Backlash by local communities in danger of these spills has been fierce. Those in the county’s heartland battling the Keystone XL pipeline have, arguably, become the most visible resistance front. For the past decade, NRDC has worked to stop that pipeline’s construction, and despite President Trump’s attempts to revive it, litigation efforts have so far kept that from happening. Meanwhile, Swift notes, NRDC has also helped block a number of other tar sands pipelines—Kinder Morgan’s Trans Mountain (which was sold to the Canadian government in May 2018), Enbridge’s Northern Gateway, and TransCanada’s Energy East, to name a few—a direct blow to the industry that once claimed it was on track to grow from 1.8 million barrels a day in 2012 to 5.2 million barrels a day by 2030.
Battle for Our Climate
Since the beginning, the fight against the extraction of tar sands oil have been focused on our energy future. “It really has been a proxy to have an important discussion about what kind of energy sources we want to lock ourselves into and to raise the point that long-term infrastructure decisions will play a significant role in determining the success of our efforts to fight climate change,” Swift says. And it’s a strategy that’s proved successful over the past 10 years, even to the most skeptical. “When we first started the tar sands campaign, there was this sense that no one had ever stopped an oil pipeline and that it was foolish to think that we could,” he remembers.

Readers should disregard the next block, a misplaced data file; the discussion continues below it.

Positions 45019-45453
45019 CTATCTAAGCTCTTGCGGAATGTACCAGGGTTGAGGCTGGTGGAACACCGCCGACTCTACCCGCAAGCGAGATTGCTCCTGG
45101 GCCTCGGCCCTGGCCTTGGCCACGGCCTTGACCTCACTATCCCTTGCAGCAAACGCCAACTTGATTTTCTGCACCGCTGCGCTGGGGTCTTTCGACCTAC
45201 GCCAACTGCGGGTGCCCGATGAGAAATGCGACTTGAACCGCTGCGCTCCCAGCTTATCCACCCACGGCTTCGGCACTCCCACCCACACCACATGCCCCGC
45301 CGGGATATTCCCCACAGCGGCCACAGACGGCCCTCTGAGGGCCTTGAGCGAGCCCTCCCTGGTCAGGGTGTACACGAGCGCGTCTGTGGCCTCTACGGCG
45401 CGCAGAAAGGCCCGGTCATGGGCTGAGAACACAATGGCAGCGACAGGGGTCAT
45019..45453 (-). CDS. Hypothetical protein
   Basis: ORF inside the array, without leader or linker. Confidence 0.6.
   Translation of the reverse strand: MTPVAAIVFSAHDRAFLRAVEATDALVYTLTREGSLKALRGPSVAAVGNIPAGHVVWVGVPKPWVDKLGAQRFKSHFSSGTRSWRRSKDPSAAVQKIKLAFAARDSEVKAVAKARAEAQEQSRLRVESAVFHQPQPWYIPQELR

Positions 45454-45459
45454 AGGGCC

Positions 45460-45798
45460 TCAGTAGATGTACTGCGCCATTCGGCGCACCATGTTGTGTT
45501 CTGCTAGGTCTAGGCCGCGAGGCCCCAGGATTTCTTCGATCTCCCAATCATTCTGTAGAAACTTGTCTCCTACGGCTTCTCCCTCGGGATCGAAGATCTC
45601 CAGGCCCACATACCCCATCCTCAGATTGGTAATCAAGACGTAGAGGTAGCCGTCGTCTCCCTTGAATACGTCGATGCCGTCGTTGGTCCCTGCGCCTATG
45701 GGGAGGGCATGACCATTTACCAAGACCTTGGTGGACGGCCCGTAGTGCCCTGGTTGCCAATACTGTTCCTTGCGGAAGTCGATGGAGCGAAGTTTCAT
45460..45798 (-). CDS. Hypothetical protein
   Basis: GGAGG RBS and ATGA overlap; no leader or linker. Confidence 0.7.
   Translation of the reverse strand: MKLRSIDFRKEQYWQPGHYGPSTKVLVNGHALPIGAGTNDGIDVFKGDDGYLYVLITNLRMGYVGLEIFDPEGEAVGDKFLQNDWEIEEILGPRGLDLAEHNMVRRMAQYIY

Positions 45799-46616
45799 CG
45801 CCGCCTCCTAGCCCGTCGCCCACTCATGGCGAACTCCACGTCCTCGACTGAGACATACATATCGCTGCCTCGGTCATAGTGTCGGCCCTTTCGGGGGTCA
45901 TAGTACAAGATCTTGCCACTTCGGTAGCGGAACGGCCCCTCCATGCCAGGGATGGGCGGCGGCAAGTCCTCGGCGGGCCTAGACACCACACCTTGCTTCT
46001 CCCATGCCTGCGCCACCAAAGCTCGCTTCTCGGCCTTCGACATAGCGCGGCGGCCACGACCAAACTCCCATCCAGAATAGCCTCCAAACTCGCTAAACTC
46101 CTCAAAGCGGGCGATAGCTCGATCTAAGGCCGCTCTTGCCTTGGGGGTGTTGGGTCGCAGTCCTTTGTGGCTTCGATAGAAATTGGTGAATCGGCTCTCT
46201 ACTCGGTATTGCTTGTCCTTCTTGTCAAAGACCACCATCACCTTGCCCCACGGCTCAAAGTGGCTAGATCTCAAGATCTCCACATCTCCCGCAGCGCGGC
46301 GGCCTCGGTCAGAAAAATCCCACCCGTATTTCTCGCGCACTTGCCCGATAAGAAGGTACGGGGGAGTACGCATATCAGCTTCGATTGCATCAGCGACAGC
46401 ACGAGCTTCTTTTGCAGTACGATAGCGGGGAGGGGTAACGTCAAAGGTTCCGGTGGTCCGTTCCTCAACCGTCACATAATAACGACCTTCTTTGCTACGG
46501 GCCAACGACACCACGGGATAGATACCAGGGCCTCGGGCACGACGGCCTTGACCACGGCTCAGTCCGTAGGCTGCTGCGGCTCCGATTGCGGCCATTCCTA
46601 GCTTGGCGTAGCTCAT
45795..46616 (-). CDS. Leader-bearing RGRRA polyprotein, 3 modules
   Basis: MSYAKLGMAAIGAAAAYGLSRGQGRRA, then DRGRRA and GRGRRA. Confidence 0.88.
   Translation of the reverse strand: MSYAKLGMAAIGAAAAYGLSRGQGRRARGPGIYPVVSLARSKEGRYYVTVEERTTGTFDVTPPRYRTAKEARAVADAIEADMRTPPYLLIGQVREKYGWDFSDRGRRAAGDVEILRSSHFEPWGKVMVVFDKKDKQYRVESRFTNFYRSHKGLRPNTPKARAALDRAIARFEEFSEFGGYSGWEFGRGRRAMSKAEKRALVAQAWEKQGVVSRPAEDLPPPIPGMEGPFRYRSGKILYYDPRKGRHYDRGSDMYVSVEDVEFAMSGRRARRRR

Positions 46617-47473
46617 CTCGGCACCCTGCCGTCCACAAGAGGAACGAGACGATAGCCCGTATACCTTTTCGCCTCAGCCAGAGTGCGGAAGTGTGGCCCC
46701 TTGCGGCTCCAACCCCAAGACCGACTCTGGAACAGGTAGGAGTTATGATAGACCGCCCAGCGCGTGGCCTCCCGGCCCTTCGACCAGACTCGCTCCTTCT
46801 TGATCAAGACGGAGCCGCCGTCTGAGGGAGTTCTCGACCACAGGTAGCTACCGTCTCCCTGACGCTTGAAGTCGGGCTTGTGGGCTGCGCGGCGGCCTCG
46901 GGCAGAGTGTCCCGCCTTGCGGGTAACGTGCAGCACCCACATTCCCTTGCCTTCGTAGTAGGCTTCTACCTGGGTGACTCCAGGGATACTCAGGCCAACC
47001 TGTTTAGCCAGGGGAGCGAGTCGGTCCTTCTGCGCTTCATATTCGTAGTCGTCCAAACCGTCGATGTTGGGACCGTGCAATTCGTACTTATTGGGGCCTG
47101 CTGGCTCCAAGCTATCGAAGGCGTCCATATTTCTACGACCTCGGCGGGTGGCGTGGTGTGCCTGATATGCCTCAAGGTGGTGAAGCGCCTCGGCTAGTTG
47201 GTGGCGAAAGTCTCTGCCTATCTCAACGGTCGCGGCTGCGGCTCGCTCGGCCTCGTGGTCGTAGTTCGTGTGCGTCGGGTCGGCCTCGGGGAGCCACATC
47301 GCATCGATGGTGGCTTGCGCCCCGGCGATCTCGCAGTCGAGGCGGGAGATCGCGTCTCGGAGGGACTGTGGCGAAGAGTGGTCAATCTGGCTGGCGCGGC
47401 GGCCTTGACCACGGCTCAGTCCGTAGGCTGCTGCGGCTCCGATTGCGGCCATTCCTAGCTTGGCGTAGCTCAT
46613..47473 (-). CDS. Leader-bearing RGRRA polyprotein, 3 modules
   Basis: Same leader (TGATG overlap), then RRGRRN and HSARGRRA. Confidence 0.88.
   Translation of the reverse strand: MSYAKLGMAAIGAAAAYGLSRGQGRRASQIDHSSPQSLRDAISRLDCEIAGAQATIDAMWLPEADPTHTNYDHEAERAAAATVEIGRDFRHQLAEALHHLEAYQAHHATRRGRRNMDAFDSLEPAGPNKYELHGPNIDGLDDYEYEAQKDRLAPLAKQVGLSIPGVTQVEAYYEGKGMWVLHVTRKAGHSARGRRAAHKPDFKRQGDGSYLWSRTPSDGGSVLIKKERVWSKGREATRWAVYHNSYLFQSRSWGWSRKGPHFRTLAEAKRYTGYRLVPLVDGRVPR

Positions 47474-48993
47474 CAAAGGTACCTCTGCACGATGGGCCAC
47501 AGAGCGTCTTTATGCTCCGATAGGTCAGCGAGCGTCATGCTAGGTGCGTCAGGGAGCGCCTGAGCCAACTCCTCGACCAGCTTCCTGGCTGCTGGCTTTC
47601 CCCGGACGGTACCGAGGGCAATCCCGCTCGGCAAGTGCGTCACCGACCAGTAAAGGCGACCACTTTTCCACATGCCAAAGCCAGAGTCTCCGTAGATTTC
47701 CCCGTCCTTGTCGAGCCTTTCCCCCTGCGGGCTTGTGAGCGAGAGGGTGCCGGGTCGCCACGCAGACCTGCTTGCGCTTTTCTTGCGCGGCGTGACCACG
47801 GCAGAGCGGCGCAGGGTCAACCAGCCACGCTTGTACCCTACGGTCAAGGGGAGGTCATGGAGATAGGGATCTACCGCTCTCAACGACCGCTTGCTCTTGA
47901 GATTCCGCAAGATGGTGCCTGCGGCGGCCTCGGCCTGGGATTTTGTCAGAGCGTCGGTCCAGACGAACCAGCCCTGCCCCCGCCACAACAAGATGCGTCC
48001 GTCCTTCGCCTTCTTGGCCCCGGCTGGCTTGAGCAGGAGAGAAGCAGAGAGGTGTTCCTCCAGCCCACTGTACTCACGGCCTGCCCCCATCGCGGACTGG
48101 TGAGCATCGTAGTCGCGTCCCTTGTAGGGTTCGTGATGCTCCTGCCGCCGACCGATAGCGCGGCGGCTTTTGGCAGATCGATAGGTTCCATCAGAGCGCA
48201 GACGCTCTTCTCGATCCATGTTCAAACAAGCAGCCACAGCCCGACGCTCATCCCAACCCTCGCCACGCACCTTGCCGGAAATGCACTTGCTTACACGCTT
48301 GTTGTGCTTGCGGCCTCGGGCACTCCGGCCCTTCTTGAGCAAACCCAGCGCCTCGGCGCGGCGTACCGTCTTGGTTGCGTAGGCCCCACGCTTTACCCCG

While celebrating the success of NRDC’s decadelong campaign to protect the boreal, Swift knows better than to let down his guard. Amid the onslaught of alarming scientific reports on the planet’s rising levels of carbon emissions, the stakes have grown higher. “NRDC has been in the trenches in a hard, hard fight over the last decade, and there’s no question that we’ve had many victories,” he says. But for himself and others carrying the torch forward, he notes, “we’re going to have to continue to engage with the same level of persistence, tenacity, and strong advocacy, frankly, until we have found a safe landing spot for climate.”